How Laminate Tubes Are Made

The web stock in rolled form is first printed by offset/letterpress, flexographic or digital means before being delivered to a manufacturing line to produce the tubes.

In the tube making process, the printed web stock is unrolled and continuously fed through forming rolls, which very gently turn the flat material and form it into a cylinder of different diameters depending on the end customer’s needs. Heat generated by high frequency fuses the sides of the material together to form a long cylindrical sleeve or tube. After the cylindrical sleeve has been formed, it advances to a cutting station where the long sleeve is cut into smaller sleeves of a uniform length.

After the tube has been formed into the desired cylindrical length, the sleeve is transferred to the heading operation. Several different heading methodologies are possible depending on the type of production machine employed to make tubes. There are three common possibilities to make the shoulders – shoulders made by in-line injection or compression molding of the shoulder or by introducing a preformed shoulder which has been produced in a separate, offline operation. For the in-line molding operations, the plastic resin to be used for the specification is heated and the molten plastic forms the tube head in a mold which is then fused to the tube body. With the preformed shoulder, the tube sleeve is placed onto a mandrel and the preformed shoulder is fed onto the mandrel with the sleeve and the two are fused together at the top of the sleeve by heat generated by high frequency energy or hot air.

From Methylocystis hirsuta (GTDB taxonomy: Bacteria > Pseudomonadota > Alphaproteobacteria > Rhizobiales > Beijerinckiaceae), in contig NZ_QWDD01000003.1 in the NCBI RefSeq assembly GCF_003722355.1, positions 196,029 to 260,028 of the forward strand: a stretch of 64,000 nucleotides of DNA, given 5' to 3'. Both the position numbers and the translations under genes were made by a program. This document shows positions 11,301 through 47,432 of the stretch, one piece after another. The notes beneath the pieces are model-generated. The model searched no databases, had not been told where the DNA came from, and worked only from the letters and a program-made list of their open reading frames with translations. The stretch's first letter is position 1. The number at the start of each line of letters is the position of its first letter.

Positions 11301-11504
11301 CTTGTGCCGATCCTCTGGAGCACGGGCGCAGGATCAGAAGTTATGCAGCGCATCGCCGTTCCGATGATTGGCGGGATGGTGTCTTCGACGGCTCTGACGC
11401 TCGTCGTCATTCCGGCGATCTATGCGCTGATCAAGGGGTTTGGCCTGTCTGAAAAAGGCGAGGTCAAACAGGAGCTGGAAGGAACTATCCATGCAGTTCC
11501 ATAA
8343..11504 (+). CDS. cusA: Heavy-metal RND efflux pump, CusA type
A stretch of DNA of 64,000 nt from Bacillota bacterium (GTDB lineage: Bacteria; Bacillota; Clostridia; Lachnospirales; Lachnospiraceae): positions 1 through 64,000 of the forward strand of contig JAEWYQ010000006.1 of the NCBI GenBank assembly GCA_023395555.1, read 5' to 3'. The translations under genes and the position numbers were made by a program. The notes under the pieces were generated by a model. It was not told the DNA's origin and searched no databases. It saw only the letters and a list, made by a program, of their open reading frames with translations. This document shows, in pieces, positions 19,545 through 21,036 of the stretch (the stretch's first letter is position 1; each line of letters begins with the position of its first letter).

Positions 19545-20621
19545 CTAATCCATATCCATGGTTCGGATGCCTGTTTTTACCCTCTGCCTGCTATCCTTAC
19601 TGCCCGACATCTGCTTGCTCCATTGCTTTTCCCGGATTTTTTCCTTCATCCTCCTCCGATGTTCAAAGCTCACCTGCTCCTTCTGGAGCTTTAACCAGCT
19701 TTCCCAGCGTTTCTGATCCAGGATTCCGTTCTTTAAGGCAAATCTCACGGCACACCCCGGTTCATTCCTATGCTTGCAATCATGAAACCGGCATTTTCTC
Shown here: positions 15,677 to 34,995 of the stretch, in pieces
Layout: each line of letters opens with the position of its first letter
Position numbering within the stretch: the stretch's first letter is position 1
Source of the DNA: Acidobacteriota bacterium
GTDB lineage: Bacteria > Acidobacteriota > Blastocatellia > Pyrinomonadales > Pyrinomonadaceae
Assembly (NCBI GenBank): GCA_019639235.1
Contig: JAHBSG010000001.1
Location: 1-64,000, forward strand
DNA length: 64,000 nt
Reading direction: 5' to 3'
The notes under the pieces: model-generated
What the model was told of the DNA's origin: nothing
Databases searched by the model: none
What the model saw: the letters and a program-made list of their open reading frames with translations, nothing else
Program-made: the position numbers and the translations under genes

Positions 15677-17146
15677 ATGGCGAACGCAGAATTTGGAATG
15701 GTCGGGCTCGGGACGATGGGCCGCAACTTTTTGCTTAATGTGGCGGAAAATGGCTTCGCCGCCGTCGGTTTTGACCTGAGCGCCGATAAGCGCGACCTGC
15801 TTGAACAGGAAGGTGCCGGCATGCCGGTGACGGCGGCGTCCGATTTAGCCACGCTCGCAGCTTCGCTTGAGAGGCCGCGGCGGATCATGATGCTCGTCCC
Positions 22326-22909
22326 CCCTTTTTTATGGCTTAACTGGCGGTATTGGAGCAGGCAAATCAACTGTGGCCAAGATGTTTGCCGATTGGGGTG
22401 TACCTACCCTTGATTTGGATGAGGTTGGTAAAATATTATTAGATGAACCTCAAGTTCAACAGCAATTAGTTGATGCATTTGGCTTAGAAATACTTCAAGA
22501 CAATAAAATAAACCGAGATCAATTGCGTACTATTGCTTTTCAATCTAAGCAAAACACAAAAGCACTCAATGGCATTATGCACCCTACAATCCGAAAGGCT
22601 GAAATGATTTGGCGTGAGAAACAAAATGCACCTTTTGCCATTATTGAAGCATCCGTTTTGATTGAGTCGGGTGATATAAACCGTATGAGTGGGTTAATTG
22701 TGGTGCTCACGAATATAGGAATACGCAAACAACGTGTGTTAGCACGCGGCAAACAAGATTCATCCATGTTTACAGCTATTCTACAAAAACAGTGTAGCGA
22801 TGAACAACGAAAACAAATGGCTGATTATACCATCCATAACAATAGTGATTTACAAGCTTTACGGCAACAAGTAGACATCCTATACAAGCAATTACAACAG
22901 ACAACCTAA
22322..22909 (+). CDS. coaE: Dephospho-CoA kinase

After the complete tube has been formed, it goes to the capping station where the closure is applied. The cap is applied and torqued to the desired torquing requirements. The tube is then ejected onto a conveyor and taken to a packing operation where it is packed into a carton and is ready for filling with product at the customer’s site.

Depending on the product to be packaged, laminate tubes can have a barrier layer of aluminum, plastic or ceramic. The most common tubes can either be Aluminum Barrier Laminate (ABL) or Plastic Barrier Laminate (PBL) depending on the materials used in the construction of the tubes. For ABL, aluminum foil in thickness of 9µ to 30µ are typically used. PBL tubes are all plastic and can include a barrier layer or be made without a specific barrier. The barrier layer, if required, typically involves different thickness of Ethylene Vinyl Alcohol (EVOH) copolymer added to limit oxygen permeation into the product through the tube sleeve.

Laminate tubes combine the beneficial properties of different materials: excellent barrier effect to protect the contents and high-end print quality using essentially all printing techniques to produce packages with aesthetic appeal.

M. Hoard
Albea Americas, Inc.